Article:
The main problem with Battleship, the last plastic plaything to be adapted for the big screen, aside from the wooden acting and terrible special effects, was that nobody involved in it understood or respected the game it was based on. Unconvinced that audiences would flock to a nautical war film that eschews explosions for tactics in the numbers necessary to justify production, the studio added aliens for no reason other than to boost profits, twisting the film into something that bore almost no resemblance to the game. Michael Bay’s Transformers trilogy similarly mistook the appeal of the toys of the same name, instead producing a film for teenagers that was about pixels and inappropriate posturing when it should have been a children’s movie about toy robots.

The LEGO Movie makes no such mistakes in terms of theme or demographic, as directors Phil Lord and Christopher Miller clearly understand the attraction of brightly coloured building blocks. Theirs is a film about imagination, creativity and doing big things with little pieces. The master builders — sort of alchemist Jedi — are fighting for the freedom to express themselves against a tyrant obsessed with order and perfection. Building from the instructions was always fun, and undoubtedly has its place in play, but what makes LEGO so popular and enduring is its versatility. Fans are invited to use the prescribed plans as a springboard, to mix things up and create something new and unique; something only that particular individual could have created.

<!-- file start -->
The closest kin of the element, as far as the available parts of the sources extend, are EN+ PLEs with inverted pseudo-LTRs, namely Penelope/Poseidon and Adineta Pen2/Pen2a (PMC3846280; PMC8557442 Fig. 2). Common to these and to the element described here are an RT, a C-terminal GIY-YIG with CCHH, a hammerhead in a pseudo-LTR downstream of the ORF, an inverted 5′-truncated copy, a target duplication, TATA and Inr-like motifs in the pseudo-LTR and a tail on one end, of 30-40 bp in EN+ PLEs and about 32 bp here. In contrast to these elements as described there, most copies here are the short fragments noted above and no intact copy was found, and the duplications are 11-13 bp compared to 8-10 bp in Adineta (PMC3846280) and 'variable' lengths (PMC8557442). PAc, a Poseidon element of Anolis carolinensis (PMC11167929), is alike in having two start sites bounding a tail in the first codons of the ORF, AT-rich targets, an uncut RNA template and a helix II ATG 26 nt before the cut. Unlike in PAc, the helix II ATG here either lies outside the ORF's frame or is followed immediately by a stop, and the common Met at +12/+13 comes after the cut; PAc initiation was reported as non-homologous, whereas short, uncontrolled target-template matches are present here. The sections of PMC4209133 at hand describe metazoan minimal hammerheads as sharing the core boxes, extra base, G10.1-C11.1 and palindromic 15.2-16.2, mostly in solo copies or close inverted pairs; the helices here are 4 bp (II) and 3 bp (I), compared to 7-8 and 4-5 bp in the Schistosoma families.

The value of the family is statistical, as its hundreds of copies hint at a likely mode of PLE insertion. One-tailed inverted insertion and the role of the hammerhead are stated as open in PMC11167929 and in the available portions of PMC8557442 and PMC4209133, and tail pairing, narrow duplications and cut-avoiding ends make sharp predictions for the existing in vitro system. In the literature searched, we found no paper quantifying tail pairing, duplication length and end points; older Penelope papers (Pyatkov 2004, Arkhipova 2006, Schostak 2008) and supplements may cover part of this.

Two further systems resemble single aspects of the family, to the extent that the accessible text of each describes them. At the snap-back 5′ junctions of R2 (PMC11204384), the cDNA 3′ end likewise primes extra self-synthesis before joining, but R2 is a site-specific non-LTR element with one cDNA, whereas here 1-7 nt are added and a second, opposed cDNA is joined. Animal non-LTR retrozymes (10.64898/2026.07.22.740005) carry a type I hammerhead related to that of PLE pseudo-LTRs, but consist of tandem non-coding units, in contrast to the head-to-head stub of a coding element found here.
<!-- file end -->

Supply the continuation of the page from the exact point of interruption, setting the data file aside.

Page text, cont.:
With its heart in the right place, and by employing a premise that perfectly embodies the brand values of the product, then, the filmmakers are free to have as much fun as they desire with their box of bricks. The LEGO brand has branched out in recent years, into video games and other media, and it’s great fun to pick out the various subsets and other licensed properties; still, the relative newcomers are not allowed to overshadow proceedings, and the focus remains very much on the archetypal LEGO figurine, as well as with the animals and building blocks that are ubiquitous in all collections, past and present; familiar to all children, big and small.

The voice cast are wonderful — without exception — and Chris Pratt leads the lot as an everyman who may or may not be The Special. Morgan Freeman is a delight as Vitruvius, a blind wizard and leader of the rebellion, who gets many of the film’s best lines. The supporting cast (and assorted cameos) are great fun as well, with a number of real stand-outs: Will Arnett is hilarious as Batman, poking fun at a character who is all too often held up as the model of po-faced seriousness, while Liam Neeson excels as Good Cop/Bad Cop, a play on the actor’s kick-ass persona and possibly the first role to truly reconcile his non-threatening demeanor with his altogether more menacing voice. The film even rights the wrongs of Transformers, albeit unofficially, with a shape-shifting pirate (with a shark for an arm) who has as much personality as he does pixels.